In Slate, the no thing of nothing.
Science and religion ask different questions about different things. Where religion addresses ontology, science is concerned with ontic description. Indeed, it is what Orthodox theologian David Bentley Hart calls their “austere abdication of metaphysical pretensions” that enables the sciences to do their work. So when, for instance, evolutionary biologist Jerry Coyne and pop-cosmologist Lawrence Krauss dismiss the (metaphysical) problem of how something could emerge from nothing by pointing to the Big Bang or quantum fluctuation, it is difficult to be kind: Quantum fluctuations, the uncertainty principle, the laws of quantum physics themselves—these are something. Nothing is not quantum anything. It is nothing. Nonbeing. This, not empty space, is what “nothing” signifies for Plato and Aquinas and Heidegger, no matter what Krauss believes. No particles, no fluctuation, no laws, no principles, no potentialities, no states, no space, no time. No thing at all.
Tuesday, July 15, 2014
Zizek on the Event of the disclosure of being.
While the transcendental turn is a specific move that characterizes the core of Kant’s philosophical revolution, it is, at a deeper level, a name – arguably the name – for the move that characterizes, constitutes even, philosophy as such, i.e., philospphy in its difference from knowledge about positive reality. Heidegger saw this very clearly when, in his Being and Time, he proposes his redefinition of hermeneutics as ontology proper, as fundamental ontology, not only as a science about understanding and interpreting texts. Let us take the example of life: the proper topic of philosophy is not the real nature of life as a natural phenomenon (how did life evolve out of complex chemical processes, what are the minimal scientific characteristics of a living organism, etc.). Philosophy raises a different question: when we encounter living entities, when we treat them as such, we already have to possess a certain pre-understanding which enables us to recognize them as alive, and philosophy focuses on this pre-understanding. The same goes, say, for freedom: in what way do we understand “freedom” when we ask the question “Are we free or not?”. The basic transcendental-hermeneutic move is the move towards this horizon of pre-understanding which is always-already here, and this is what Heidegger means with the Event of the disclosure of being: history at its most radical is not the change in reality, but the shift in how things appear to us, in our fundamental pre-understanding of reality.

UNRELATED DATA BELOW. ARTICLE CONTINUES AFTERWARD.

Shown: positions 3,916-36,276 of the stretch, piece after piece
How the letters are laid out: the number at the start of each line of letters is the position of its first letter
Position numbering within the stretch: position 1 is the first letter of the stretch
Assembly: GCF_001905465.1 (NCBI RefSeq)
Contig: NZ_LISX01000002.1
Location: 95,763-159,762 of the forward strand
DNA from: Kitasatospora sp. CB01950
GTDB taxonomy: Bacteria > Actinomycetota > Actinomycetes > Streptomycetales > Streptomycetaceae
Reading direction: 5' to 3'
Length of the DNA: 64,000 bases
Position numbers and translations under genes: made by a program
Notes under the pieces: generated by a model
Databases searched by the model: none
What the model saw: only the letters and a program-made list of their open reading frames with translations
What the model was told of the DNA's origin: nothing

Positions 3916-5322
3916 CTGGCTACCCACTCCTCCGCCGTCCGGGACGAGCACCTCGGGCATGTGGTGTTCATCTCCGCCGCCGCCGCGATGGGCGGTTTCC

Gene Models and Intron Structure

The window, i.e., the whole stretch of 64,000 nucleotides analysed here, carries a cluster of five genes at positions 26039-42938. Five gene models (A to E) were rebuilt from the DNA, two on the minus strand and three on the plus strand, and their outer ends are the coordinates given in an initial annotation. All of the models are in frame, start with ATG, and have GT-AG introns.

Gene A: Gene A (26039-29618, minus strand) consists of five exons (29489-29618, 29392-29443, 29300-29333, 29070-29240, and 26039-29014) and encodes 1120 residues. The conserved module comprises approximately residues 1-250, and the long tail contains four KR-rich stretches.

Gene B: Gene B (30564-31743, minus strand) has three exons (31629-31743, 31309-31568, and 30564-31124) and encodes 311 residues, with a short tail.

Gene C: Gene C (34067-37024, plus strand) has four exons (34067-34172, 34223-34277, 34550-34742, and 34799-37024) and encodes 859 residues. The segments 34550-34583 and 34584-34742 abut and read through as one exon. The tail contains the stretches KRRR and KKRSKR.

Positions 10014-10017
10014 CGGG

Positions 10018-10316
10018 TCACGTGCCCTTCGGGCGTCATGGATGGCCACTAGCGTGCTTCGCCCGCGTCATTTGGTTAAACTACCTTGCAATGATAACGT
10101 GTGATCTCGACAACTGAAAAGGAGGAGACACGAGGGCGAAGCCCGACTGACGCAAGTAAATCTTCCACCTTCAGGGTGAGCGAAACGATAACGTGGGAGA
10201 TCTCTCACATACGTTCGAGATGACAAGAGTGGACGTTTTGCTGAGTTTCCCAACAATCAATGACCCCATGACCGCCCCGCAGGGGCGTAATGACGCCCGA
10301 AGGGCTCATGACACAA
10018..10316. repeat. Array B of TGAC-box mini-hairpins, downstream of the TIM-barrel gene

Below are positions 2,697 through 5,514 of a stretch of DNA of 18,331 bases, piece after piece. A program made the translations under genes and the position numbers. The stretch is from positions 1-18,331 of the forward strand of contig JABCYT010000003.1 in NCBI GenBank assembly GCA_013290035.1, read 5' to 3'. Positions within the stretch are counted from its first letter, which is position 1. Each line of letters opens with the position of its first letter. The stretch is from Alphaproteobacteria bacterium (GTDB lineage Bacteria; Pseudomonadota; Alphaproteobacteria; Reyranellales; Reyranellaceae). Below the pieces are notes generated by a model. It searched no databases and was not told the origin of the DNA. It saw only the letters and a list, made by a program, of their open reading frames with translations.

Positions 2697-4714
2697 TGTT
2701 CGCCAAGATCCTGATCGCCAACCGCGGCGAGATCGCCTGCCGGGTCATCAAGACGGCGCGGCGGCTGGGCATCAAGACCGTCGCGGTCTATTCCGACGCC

Monday, July 14, 2014
Wozu Dichter?

Daniel Bosch invites Jorie Graham.
Lies and silos fog the landscape; Iowa
rustles with Dasein on an ordinary evening,
so live out your sentences.
For when Ereignis is not sufficient.